However, on the morning of the fifth day, when race volunteers tried to get Akiak into the airplane for Anchorage, the small plane shifted in a wind gust.  Akiak twisted out of the volunteer’s hands, and was off.

Akiak ran off looking for her team.  She was the lead dog.  She needed to lead the team on the trail.  Trail volunteers knew Akiak was loose, and that an experienced lead dog would stay on the trail.  They tried to catch her as she trotted into the next checkpoint, but she got away again.

By the eighth day, when Akiak got to the Shaktoolik checkpoint, she was about six hours behind her team.  Volunteers chased her into a building where some mushers were sleeping – and chased her around knocking things over until a musher opened the back door letting her escape, whispering: “Go find them, girl.”

As Akiak ran along the trail, people’s thinking changed.

At Elim, people put food out for her.  Almost everybody was rooting for Akiak to catch her team.

By the ninth day, when Akiak was running through Golovin, people lined the trail to watch her run through the town.  She was just two hours behind her team.

By the tenth day, Mick and the dog team were almost to Safety (the checkpoint before Nome and the end of the race).  They were confused by a series of snowmobile tracks and were trying to find the right trail.  Mick got the team going along what she thought was the right trail, only to have the team stop.  Akiak had found them.  And, Akiak stopped the team, turned them around, and directed them to a different trail.  Then, she ran to her usual place at the head of the team and waited.  Mick could not put Akiak back in harness (rules of the race), so Akiak got in the sled and, in her own way, Akiak led the team to Nome where a crowd awaited their arrival.

Akiak NomePeople had come from everywhere to see the courageous dog that had run the Iditarod trail alone.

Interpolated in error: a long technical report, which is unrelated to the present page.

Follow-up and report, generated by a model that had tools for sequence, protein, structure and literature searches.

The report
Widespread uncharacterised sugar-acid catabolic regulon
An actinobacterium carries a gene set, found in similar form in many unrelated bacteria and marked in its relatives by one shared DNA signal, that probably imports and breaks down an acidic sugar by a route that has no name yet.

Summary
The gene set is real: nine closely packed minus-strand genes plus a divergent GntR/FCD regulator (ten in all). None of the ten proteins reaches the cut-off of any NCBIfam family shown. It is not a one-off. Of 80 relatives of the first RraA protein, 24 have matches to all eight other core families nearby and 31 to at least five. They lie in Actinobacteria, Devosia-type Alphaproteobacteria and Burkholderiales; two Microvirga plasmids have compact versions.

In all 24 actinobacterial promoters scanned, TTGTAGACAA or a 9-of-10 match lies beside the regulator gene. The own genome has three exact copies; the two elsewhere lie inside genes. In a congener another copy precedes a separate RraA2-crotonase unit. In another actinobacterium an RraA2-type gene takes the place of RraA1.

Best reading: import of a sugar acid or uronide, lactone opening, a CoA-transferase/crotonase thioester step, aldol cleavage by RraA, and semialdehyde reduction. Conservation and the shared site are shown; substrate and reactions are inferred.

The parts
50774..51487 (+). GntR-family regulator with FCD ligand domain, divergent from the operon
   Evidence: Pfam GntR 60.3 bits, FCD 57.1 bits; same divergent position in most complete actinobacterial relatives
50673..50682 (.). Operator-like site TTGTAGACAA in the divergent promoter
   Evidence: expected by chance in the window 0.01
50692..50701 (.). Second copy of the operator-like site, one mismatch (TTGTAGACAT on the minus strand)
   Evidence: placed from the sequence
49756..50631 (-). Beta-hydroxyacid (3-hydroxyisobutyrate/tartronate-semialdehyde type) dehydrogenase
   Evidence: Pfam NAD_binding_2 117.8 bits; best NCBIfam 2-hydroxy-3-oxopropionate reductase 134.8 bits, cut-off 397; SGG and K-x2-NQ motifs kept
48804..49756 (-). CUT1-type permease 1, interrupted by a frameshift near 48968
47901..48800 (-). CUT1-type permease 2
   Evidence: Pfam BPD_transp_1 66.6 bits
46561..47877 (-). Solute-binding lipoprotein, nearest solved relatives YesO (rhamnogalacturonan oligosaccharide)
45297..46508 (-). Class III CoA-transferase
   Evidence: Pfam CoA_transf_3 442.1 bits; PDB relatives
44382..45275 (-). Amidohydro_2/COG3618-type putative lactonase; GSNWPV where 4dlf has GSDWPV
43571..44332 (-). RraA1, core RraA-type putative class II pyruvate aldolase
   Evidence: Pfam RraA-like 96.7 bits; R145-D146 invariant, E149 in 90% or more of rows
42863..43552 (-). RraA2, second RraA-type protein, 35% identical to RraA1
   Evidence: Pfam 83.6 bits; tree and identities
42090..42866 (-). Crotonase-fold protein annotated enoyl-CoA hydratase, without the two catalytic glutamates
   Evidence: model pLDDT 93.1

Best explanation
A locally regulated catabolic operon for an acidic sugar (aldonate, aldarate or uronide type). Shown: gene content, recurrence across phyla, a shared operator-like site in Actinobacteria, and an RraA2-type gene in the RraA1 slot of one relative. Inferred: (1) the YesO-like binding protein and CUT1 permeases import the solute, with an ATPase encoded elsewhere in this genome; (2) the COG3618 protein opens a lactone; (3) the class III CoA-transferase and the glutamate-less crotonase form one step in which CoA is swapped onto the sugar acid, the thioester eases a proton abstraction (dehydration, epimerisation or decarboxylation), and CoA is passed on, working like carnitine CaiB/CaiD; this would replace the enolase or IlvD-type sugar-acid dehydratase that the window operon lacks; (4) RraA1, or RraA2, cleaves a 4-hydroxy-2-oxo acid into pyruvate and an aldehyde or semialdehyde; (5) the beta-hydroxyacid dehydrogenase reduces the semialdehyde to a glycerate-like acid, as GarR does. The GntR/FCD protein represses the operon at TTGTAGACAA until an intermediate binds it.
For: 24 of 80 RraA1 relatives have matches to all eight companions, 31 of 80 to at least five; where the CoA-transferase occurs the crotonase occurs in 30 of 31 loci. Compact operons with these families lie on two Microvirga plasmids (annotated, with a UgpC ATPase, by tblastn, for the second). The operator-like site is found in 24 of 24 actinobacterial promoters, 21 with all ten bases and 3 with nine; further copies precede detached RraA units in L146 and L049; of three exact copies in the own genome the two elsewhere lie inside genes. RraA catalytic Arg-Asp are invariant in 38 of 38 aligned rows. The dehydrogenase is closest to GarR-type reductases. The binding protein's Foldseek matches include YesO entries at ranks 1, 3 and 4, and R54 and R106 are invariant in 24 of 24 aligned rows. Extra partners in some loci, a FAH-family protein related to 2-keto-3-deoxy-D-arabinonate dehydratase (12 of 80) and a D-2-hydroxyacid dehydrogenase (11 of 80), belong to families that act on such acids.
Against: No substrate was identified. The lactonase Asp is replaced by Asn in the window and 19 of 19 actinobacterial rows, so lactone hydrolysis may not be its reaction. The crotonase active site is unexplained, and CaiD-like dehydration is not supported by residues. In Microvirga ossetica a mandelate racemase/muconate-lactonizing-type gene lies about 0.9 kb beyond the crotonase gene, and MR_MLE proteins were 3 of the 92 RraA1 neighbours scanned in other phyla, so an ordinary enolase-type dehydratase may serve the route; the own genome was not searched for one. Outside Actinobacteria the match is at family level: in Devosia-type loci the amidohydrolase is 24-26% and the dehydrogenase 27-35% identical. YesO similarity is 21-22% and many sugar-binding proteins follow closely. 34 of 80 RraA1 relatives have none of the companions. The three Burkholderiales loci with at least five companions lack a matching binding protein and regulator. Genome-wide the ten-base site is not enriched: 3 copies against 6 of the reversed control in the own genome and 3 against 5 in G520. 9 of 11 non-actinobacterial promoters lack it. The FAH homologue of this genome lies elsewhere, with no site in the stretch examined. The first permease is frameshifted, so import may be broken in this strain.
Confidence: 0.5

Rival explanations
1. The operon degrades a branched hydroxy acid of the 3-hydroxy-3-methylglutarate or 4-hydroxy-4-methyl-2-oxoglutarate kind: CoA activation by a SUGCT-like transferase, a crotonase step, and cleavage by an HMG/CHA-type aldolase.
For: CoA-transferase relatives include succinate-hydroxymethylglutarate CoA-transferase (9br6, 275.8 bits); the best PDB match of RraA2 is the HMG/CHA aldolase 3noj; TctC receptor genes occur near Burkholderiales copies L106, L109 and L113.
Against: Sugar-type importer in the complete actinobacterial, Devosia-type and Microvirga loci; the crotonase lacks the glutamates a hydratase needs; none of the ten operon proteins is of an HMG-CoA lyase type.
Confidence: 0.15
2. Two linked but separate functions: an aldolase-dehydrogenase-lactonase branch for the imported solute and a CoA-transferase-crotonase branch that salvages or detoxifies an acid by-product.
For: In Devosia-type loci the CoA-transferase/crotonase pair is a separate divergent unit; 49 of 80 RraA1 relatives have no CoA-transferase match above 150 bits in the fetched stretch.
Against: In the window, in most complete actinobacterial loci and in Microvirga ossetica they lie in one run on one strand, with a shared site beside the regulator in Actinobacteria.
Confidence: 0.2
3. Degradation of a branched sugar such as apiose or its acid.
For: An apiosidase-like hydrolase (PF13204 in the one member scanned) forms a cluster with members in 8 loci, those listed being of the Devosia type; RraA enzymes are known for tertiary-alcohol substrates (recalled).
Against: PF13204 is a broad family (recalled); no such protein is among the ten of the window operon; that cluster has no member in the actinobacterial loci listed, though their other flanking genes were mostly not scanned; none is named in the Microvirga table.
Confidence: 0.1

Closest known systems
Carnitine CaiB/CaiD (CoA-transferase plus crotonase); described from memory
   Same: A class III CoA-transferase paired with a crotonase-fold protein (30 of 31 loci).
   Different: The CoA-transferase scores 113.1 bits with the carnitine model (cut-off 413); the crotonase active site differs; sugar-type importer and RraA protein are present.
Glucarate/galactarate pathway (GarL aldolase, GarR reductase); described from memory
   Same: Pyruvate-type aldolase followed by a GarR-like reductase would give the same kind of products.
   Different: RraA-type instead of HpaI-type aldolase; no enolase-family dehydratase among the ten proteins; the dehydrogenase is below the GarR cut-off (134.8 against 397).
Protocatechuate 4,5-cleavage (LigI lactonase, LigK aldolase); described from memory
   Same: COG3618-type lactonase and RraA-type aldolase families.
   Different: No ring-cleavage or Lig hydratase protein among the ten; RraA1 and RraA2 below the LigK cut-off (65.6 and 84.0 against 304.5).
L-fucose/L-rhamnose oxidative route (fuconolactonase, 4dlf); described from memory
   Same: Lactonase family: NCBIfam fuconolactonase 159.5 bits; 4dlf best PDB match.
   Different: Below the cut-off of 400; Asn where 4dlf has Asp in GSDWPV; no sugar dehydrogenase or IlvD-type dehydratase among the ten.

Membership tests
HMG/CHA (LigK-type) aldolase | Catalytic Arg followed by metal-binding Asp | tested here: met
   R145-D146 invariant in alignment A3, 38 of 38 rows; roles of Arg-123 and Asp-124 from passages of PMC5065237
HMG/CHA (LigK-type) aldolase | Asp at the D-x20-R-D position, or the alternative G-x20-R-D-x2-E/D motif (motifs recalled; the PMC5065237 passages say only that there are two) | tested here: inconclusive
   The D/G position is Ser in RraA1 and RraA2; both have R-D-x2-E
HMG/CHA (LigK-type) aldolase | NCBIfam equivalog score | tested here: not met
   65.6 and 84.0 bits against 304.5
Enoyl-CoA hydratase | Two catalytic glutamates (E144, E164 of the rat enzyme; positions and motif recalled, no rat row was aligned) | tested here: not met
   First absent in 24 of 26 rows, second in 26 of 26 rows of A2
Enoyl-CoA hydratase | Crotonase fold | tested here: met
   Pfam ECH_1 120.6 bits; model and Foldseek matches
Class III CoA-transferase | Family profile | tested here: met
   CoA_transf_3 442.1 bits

As sure as if she had been in the lead position, Akiak won the Iditarod Race.

“Nothing was going to stop this dog from winning,”Mick told the crowd.  Akiak knew it.  The other dogs knew it, too.

This story cheers for Akiak.  Blake’s oil painting illustrations of the dogs and the snowy landscapes beautifully accompany the text.  There are maps showing the Iditarod trail in the inside covers of the book.  There is an author’s note with information about the race.  For more information about the race, go to Iditarod.com — they have a section for students, with activities.

Houndsley and Catina and the Quiet Time

Houndsley and Catina and the Quiet Time by James Howe,                              illustrated by Marie-Louise Gay

Houndsley-and-Catina-quiet-timeHoundsley and his friend, Catina, find themselves snowed-in for a day (with the first snow of winter).  Catina worries at first – she has things to do before the concert that evening.  Houndsley loves the quiet and isn’t worried at all.

Houndsley loves the way the world looks and feels while it is snowing.  He calls it the “quiet time.”  When Catina continues to worry, they decide to practice for the concert (Houndsley plays cello, and Catina plays clarinet), just in case there is a concert that evening.

Before they began to play, Houndsley said, “Listen, Catina.  Can you hear it?”

“Hear what?”

“The quiet.  It is almost like music.”

Later, Houndsley suggests they pretend they are on an island – they can’t go anywhere, but they have things on the island with them.  They read poems to each other, then try writing their own.  They bake cookies.  They play board games.  They build a fire and talk about things they see in the fire.  They sit quietly thinking.  They go outside to get more logs for the fire and end up playing in the snow – making snow creatures.

They snowshoe to the gazebo with their instruments.  The musicians seem to feel the quiet time too – and play softly to the audience.

This is a sweet book for beginning readers.  It is told in three chapters.  There are color illustrations on every page.  It captures the sense of magic and quiet that sometimes comes with a day of snow.